2. Now set the extra payments to 0 and look at the schedule. This is the schedule without any additional payments. Find the balance as of the debt-free date. Again, as of this writing (these illustrations are time sensitive), the balance will be $92,929.
  3. Now, one more time, reenter the extra $200 payment amount and recheck the investment schedule located after the loan schedule. (The calculator prepares an investment schedule only if you have entered an extra payment amount AND if the option "Include the Investment Schedule?:" is set to "Yes.")
    • As shown, when making prepaid principal payments, the loan is paid off in 276 payments - or 23 years.
    • On March 1, 2042, the balance in the investment account will be $136,238.
    • You can easily pay off the mortgage using the funds in the investment account, live debt free as of the date planned, and still have nearly $40,000 remaining!

Of course, there is a rub.

This analysis overlooks the impact of taxes. If you live in the US, all or part of the interest may be deductible from your income taxes (though after the 2017 tax law changes, this is not as much of a certainty as it had been in the past). One the investment side, income taxes will frequently have to be paid on any investment gain, thus reducing the illustrated gain.

But even taxes on the gain are not a foregone conclusion. If you were to invest in tax-free bonds, then there is no tax on the income (but the illustration probably won't be as favorable). Or if you invest and don't sell along the way, the gain will compound tax-free. You'll only pay income taxes on the gain when you sell. And generally, income taxes on long term capital gains are very favorable to investors.

No doubt these points about taxes are something you need to consider. If I were to program the various tax considerations as options for this calculator, I think it would leave users very frustrated - not to mention me!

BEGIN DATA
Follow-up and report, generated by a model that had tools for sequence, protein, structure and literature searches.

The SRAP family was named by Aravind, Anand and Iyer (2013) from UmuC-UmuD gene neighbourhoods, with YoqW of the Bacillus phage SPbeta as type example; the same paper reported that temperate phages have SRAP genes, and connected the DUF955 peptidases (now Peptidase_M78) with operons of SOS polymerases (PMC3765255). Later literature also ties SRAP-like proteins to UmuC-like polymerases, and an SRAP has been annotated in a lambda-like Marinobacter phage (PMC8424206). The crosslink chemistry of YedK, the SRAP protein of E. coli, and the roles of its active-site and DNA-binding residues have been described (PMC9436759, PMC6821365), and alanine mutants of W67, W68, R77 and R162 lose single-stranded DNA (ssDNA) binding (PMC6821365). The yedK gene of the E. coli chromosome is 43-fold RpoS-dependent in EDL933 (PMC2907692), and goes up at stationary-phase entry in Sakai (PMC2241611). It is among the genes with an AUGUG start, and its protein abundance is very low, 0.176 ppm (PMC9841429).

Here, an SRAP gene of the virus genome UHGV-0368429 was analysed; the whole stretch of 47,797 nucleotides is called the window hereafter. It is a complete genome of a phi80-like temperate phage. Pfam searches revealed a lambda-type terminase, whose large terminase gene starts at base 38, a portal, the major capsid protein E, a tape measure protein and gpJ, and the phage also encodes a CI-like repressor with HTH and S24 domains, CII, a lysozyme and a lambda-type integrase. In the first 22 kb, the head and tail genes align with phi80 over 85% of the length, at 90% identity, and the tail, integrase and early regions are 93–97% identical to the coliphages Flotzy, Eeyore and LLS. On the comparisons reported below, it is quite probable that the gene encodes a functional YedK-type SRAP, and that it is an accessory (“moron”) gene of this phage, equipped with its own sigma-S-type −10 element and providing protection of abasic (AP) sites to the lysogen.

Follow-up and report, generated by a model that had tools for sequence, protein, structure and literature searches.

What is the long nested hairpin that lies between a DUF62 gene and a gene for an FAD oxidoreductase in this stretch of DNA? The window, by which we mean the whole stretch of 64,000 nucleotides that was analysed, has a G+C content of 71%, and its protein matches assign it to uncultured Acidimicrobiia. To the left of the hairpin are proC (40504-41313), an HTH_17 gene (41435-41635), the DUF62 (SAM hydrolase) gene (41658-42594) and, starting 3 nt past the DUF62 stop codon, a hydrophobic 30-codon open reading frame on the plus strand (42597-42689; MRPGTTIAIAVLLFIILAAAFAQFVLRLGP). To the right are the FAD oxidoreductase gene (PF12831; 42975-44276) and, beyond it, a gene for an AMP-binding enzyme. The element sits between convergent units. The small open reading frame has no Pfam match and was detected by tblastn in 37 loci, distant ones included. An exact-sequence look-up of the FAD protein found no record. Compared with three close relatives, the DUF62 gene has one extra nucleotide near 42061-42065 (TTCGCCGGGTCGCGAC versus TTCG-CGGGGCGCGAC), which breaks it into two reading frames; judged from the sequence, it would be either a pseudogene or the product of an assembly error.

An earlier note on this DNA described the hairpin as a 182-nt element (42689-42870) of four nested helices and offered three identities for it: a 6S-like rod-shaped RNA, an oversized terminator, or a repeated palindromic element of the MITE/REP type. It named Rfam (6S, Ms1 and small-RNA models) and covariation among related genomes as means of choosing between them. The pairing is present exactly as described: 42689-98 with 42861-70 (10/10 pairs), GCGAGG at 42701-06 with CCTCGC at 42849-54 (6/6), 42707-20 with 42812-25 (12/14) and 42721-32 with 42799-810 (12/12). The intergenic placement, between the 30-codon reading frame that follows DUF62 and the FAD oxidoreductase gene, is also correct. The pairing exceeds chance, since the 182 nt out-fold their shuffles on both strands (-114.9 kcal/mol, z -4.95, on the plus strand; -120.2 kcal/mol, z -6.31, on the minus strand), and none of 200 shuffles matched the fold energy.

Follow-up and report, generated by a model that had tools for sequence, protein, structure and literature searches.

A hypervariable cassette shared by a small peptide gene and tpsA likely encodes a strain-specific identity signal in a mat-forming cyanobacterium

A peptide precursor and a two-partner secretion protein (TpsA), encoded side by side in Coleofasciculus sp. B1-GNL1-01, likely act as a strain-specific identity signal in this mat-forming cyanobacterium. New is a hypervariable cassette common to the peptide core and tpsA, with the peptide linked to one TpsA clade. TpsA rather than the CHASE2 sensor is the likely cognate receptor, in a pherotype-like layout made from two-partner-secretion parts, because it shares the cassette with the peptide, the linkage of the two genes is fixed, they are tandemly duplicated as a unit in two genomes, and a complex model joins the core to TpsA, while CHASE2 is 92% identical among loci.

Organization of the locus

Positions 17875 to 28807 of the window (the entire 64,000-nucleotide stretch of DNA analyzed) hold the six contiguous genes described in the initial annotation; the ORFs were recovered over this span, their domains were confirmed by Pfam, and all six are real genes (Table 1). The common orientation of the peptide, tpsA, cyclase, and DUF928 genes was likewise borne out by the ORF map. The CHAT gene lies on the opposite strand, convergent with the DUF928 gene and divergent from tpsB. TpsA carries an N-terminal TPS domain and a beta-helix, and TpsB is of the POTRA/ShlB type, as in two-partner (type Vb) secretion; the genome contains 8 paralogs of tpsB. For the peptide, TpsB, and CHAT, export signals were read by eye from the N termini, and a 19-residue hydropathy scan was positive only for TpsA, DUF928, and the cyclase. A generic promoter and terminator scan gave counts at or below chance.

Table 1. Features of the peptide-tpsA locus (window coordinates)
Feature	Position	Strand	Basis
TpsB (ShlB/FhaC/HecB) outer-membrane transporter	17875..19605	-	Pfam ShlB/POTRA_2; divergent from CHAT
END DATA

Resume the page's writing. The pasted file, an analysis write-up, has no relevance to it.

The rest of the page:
The Calculator's Features

Of course, your situation is likely different than this hypothetical example. So you'll want to use this Extra Payment Calculator to see just what you can save and when your loans will be paid off.

Let me take a few moments to go over some the other features this calculator supports.

If you don't plan to make extra payments monthly, that's okay. The calculator will let you make additional payments using any one of 11 payment frequencies set independently from when the scheduled payments are due.

For example, do you get an annual bonus? Do you want to use that bonus to prepay principal? This calculator will still calculate your saving under such a scenario. You can easily set it to make one or two extra payments a year.

Or do you want to make a one-time extra payment? That's no problem either. The calculator supports making a single extra payment on any date during the term of the loan. Perhaps you've received a one-time inheritance, and you are considering using it to reduce your loan's principal balance. The Extra Payment Calculator will tell you the amount of interest you'll save and when the pay off will be.

Don't forget to check out the amortization schedule for all the details.

(Perhaps I should also point out that the loan itself does not need to follow a monthly payment schedule. The last option on the Extra Payment tab allows the user to select any payment frequency.)

This Calculator is Not Just for New Loans.


Up until now, I've been implying that the calculator is only for analyzing new loans. That's not the case. Perhaps you've been making loan payments for a few years, and you've recently received a raise. If you want to see the impact of making extra payments on an existing loan then there are no unknowns for the calculator to calculate (other than the effect of making the prepaid principal payments of course), so enter the following for the first four inputs:

  • The loan's balance as of the last payment due date.